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Some fears are irrational. Some fears are based on superstition. And some fears have a real reason. Maybe you’re afraid of swimming in a deep pool after a near-drowning incident. Maybe you burned yourself while cooking and now fire scares you. Or maybe you embarrassed yourself onstage and now you speak with fear.

If you’re reading this, there’s a chance you’re afraid of public speaking and presenting. After all, it’s the #1 fear Americans have. So you might have a story, a reason why you have this fear.

But have you cleaned your wound yet?

As a kid, I played hard. It was common for me to get cuts on my knees, get back up, and play harder. I was a daredevil. I was an explorer. I was crazy.

Each time I injured myself, my Mom would eventually see me poking my knee, elbow, shin, or another area in pain. Her questions would lead to exposing my wound. “Mike! This is infected!” I don’t know how many times I heard that growing up. Too many! My mom would jump up and get the first aid kit. She would drag me to the bathroom and painfully clean my cut. She was merciless. She insisted on rubbing out all the dirt and sterilizing my cut. At times, she scrubbed while scolding me of the dangers of rusty metal or filthy streets. Only after she probed my pain did she apply neosporin and band-aids.

You would think I would learn, but I didn’t. I just kept injuring myself and tried to move past it.

Many people ignore their pain and run from their hurt. I see it again and again. People walk around with barely-disguised limps, bandages bleeding through, or makeup to cover infections. Some are hurt so badly that their wounds causes them to react hysterically if you get near. And just as we cover up emotional wounds, we cover up past public speaking wounds. No matter how much you cover an infected wound with bandages, clothes, or makeup, the wound will still be there. To effectively move past it, you need to clean it first.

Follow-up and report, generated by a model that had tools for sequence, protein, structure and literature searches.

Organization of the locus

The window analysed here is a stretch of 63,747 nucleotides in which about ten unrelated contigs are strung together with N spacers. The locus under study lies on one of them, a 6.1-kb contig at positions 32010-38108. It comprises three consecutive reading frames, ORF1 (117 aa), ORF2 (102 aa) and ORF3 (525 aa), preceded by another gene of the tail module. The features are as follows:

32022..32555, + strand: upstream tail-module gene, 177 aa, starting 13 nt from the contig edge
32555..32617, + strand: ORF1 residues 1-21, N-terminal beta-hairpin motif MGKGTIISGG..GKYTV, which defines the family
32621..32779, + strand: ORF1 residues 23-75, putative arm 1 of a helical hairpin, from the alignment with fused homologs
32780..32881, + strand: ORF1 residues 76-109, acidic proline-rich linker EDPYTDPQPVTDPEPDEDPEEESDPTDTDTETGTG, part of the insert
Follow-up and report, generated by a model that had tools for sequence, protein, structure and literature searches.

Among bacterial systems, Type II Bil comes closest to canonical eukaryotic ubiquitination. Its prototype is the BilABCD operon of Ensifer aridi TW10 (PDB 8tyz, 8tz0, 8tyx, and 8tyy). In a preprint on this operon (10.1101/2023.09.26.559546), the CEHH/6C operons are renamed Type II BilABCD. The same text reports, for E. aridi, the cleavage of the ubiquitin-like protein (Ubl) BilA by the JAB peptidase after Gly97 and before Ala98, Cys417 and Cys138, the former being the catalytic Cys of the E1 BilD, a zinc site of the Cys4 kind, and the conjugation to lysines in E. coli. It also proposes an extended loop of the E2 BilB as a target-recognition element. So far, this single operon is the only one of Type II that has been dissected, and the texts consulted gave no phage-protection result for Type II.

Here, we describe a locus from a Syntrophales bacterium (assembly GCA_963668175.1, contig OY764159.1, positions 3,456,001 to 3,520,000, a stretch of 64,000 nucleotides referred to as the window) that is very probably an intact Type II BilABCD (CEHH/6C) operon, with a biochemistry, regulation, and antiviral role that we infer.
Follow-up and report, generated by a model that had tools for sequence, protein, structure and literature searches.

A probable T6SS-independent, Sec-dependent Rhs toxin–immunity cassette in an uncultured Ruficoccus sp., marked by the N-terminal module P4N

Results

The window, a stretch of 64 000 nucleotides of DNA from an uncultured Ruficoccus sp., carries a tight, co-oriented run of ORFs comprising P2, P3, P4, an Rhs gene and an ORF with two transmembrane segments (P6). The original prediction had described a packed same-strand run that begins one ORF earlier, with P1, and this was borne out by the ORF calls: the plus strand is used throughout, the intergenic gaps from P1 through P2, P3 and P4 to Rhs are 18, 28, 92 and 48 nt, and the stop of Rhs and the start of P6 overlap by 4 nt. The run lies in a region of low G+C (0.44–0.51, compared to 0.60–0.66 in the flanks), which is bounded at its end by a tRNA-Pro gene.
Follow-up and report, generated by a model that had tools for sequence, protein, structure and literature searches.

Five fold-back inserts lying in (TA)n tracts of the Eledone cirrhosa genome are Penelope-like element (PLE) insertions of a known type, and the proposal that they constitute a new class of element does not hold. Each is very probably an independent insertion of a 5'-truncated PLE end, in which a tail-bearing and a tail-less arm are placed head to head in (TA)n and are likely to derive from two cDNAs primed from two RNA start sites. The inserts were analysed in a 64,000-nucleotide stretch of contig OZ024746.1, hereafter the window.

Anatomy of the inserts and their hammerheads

If you want to uncover your page, ask yourself the following question: what is the root cause of your fear? Have you been embarrassed in public? Have you been put on the spot when you weren’t ready? Were you bullied? Are you concerned with being a people person? Was your most humiliating moment something to do with people noticing your mistakes, failures, or weaknesses?

My bestselling book, Speak With No Fear, gives you seven strategies to fight your speaking and presenting fears. This is the beginning of the first strategy – to uncover the wound. Otherwise, every bad experience will compound, further “infecting” the wound and making your fear heavier.

In the next blog in this series, we’ll work on cleaning your speaking wound, learning to repurpose the pain, and looking through the bad and finding the good therein.

If you haven’t bought a copy of my book already, you can do so here.


Mike Acker

President & Lead Coach at ADVANCE

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